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LAW 240 Ch 4 Intentional Torts
Terms in this set (12)
One can commit an intentional tort with either the conscious desire to cause harm or with the knowledge that harm is substantially certain to result.
A defendant need not actually touch the plaintiff's body to be liable for battery
Libel and slander refer to acts of oral defamation by a malicious agent.
There can be trespasses to real property even if no actual harm has be caused
Disparagement pertains to false statements about the quality of a company's products
For public figure to sue for defamation he/she must prove:
The tort of interference with contract:
Applies to a person who intentionally prevents performance of another persons contract
Cyber-trespass is commonly considered to be a trespass on:
Mason is upset with his roommate Alan because Alan refuses to clean up after himself. In a fit of rage Mason tries to hit Alan upside the head but misses. At the time, Alan's back was turned away from Mason and he is completely unaware that Mason tired to hit him. Under the circumstances.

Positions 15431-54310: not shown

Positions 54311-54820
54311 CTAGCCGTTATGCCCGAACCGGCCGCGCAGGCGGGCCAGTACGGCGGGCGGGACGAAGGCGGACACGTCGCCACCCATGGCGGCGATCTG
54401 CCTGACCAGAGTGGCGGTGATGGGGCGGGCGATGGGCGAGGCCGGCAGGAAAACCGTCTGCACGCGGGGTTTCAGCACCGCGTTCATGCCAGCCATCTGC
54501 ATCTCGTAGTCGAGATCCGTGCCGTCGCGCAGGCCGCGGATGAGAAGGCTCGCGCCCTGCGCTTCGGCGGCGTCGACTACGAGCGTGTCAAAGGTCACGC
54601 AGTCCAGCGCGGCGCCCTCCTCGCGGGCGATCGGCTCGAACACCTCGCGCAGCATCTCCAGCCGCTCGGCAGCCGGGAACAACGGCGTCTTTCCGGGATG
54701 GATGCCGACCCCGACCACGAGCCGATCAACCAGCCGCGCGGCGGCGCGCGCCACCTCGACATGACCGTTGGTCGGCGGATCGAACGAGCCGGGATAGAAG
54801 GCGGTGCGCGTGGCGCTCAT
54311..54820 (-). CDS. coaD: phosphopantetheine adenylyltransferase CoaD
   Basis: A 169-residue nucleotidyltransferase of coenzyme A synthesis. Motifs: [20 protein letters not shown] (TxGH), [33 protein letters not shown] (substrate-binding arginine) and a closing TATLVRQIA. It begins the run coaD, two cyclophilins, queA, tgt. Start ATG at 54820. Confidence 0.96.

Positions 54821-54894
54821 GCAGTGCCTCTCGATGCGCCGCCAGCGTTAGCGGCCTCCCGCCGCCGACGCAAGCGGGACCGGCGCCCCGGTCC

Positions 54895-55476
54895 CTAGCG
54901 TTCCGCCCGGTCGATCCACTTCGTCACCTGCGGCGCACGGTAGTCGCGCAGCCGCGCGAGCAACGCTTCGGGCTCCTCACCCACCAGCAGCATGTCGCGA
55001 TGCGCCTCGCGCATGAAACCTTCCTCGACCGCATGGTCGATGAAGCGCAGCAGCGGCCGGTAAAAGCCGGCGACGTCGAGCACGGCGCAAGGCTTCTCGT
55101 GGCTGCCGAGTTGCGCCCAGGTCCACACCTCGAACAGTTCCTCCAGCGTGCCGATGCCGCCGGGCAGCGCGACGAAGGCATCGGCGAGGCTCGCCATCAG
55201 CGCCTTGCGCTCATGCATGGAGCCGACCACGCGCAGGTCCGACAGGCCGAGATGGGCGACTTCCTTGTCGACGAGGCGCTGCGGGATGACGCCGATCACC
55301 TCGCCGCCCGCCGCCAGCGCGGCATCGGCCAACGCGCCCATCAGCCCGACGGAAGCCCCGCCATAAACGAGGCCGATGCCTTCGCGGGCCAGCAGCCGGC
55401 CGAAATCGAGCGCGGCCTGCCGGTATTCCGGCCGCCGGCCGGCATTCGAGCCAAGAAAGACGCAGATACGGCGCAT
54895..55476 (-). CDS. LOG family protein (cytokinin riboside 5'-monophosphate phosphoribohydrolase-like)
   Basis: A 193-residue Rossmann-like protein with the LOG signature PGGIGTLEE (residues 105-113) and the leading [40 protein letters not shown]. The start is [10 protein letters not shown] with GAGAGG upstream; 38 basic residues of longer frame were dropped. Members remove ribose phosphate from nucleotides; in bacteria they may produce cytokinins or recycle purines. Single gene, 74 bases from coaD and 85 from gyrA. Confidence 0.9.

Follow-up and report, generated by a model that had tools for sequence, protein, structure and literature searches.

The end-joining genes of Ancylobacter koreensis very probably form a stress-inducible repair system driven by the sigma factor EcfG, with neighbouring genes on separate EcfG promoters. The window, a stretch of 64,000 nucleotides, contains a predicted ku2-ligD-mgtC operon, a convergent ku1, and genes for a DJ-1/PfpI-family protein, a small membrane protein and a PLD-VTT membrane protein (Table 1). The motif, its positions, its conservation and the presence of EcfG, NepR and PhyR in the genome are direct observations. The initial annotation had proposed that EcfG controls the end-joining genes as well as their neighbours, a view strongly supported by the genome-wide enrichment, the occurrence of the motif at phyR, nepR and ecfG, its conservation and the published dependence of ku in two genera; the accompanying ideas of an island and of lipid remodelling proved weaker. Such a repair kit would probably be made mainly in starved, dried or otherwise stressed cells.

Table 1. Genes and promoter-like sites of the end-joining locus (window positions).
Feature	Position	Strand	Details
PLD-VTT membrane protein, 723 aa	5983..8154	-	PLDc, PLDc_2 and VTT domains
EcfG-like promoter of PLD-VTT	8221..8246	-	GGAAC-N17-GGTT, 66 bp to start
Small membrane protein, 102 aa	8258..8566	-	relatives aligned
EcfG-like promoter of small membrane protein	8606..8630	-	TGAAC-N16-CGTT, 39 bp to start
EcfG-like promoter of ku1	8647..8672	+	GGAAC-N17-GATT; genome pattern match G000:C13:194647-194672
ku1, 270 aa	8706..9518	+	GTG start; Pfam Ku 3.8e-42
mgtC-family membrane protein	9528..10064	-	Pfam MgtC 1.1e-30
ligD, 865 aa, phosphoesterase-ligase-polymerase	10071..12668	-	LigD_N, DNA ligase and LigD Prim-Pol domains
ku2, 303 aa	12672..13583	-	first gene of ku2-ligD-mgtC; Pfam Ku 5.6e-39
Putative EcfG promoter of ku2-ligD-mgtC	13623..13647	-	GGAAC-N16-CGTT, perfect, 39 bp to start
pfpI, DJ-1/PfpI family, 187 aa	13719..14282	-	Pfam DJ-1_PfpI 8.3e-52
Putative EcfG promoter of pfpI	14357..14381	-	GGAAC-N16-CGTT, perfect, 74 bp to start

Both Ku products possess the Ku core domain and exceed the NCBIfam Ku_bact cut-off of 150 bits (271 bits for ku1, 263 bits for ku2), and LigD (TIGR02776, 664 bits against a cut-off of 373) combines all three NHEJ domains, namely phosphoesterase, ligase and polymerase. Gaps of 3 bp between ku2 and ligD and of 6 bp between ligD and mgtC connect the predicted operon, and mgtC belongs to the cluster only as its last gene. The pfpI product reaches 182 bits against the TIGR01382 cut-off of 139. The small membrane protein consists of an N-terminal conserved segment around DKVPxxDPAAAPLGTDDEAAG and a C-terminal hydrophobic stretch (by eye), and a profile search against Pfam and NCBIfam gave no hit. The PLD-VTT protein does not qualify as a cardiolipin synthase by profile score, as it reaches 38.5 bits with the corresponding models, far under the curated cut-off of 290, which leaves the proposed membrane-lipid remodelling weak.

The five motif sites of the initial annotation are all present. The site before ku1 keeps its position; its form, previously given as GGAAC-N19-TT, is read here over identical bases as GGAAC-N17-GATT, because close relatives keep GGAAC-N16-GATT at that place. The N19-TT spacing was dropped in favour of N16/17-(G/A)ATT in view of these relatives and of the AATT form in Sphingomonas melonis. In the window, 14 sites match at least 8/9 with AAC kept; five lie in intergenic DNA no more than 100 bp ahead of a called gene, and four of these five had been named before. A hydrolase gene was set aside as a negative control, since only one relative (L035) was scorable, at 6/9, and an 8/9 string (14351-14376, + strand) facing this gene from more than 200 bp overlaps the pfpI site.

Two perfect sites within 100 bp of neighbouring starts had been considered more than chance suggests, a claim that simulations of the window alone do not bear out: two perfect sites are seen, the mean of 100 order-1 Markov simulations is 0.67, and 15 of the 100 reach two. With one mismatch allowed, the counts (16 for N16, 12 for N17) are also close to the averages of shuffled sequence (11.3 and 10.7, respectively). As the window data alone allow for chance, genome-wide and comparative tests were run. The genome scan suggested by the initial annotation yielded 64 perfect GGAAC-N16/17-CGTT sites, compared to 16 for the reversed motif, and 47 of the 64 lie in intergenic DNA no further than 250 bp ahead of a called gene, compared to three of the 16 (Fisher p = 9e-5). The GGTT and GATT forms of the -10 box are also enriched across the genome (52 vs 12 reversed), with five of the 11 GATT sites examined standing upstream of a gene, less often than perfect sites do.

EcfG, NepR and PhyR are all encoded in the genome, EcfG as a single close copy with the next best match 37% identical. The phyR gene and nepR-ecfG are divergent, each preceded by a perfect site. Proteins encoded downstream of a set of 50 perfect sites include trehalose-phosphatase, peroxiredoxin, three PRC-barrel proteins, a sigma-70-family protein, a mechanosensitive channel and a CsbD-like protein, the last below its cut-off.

Mason is liable for neither assault o battery
There are potential defenses to the tort of defamation:
The plaintiff's burden of proof in a intentional tort case is "by a preponderance of the evidence" which is also applied in all the following instances EXCEPT:
A case where a defendant's liberty may be at stake
Punitive damages are:
Damages in excess of the plaintiff's injuries, awarded to punish the defendant.
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